Neutrinos are probably the strangest particles we know about. They’re far, far lighter than any other particle with mass and only interact with other matter via the weak force—which means they barely ever interact with anything. Three types (or flavors) of neutrinos have been identified, and any individual particle does not have a fixed identity. Instead, it can be viewed as a quantum superposition of all three flavors and will oscillate between these identities.
As if all that weren’t enough, a set of strange measurements has suggested that there could be a fourth type of neutrino that doesn’t even interact via the weak force, making it impossible to detect. These “sterile neutrinos” could potentially explain the tiny masses of the other neutrinos, as well as the existence of dark matter, but the whole “impossible to detect” thing makes it difficult to address their existence directly.
The strongest hints of their presence come from odd measurement results in experiments with other flavors of neutrinos. But a new study today rules out sterile neutrinos as an explanation for one of these oddities—even while confirming that the anomalous results are real.
Spotting the undetectable
We can detect the existence of particles in two ways: They either interact with other matter directly, or they decay into one or more particles that do. That’s what makes sterile neutrinos undetectable. They’re fundamental particles and shouldn’t decay into anything. They also only interact with other matter via gravity, and their low masses make detection via this route an impossibility.
Instead, we can potentially detect them via the oscillations of neutrinos. You can set up an experiment that produces a specific type of neutrinos at a known rate and then try to detect those neutrinos. If there are sterile neutrinos, some of the neutrinos you produced will oscillate into that identity and, thus, go undetected. So you end up measuring fewer neutrinos than you’d expect.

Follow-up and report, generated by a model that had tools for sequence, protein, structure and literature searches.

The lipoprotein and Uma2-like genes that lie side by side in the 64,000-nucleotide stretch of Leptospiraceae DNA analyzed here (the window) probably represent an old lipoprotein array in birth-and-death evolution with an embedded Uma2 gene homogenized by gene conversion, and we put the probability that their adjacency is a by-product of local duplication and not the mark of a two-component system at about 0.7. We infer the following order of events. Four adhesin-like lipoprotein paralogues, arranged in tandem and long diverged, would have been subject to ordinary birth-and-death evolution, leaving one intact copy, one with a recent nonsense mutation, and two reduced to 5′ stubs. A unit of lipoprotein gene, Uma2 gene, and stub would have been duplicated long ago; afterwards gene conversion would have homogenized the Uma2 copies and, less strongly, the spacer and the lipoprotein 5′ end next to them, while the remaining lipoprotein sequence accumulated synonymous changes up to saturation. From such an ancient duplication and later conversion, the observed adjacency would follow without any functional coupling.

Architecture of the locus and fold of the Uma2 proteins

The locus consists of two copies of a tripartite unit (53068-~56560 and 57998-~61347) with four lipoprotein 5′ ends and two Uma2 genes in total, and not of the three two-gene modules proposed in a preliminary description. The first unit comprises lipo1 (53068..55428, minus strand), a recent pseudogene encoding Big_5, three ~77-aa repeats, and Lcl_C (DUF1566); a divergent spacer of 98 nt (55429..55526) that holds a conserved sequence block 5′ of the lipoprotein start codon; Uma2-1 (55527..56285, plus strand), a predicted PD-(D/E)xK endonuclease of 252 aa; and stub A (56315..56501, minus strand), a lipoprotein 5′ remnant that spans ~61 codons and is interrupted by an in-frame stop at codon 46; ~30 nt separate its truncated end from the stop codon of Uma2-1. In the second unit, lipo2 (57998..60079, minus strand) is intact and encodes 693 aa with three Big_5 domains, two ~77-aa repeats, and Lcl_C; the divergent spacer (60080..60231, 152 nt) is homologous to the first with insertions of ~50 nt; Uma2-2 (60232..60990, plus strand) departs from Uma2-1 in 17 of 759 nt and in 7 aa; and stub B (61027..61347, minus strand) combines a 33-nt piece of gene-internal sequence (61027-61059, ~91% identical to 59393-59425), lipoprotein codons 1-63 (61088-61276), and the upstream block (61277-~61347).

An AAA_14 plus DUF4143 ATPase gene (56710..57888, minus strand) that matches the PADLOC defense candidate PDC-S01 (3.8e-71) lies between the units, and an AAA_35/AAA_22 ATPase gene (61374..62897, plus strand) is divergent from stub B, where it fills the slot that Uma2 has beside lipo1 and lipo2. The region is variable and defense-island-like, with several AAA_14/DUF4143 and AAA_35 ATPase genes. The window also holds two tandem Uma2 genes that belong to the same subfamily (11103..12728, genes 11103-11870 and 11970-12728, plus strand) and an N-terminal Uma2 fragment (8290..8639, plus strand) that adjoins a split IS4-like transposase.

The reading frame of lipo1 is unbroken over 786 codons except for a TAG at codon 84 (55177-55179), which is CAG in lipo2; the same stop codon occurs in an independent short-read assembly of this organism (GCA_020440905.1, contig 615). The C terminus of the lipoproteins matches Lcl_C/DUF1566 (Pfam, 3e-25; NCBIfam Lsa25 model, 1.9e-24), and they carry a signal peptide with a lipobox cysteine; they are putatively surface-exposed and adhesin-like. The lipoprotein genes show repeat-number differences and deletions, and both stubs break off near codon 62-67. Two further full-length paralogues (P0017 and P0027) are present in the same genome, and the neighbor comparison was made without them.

That’s exactly what has been happening at nuclear reactors. One of the products of a radioactive decay (which is driven by the weak force) is a neutrino, so nuclear reactors produce copious amounts of these particles. Measurements with detectors placed nearby, however, picked up about 6 percent fewer neutrinos than expected. A rapid oscillation into sterile neutrinos could explain that discrepancy.
But these experiments are really difficult. Neutrinos interact with detectors so rarely that only a tiny fraction of those produced get registered. And nuclear reactors are incredibly complex environments. Even if you start with a pure sample of a single radioactive isotope, decays quickly turn things into a complicated mix of new elements, some radioactive, some not. The neutrons released can also convert the reactor equipment into new isotopes that may be radioactive. So, it’s tough to know exactly how many neutrinos you’re producing to start with and the exact fraction of the ones you produce that will get registered by your detector.
For all those reasons, it’s tough to be certain that any anomalies in neutrino measurements are real. Physicists tend to take a wait-and-see attitude towards indications that something strange is going on.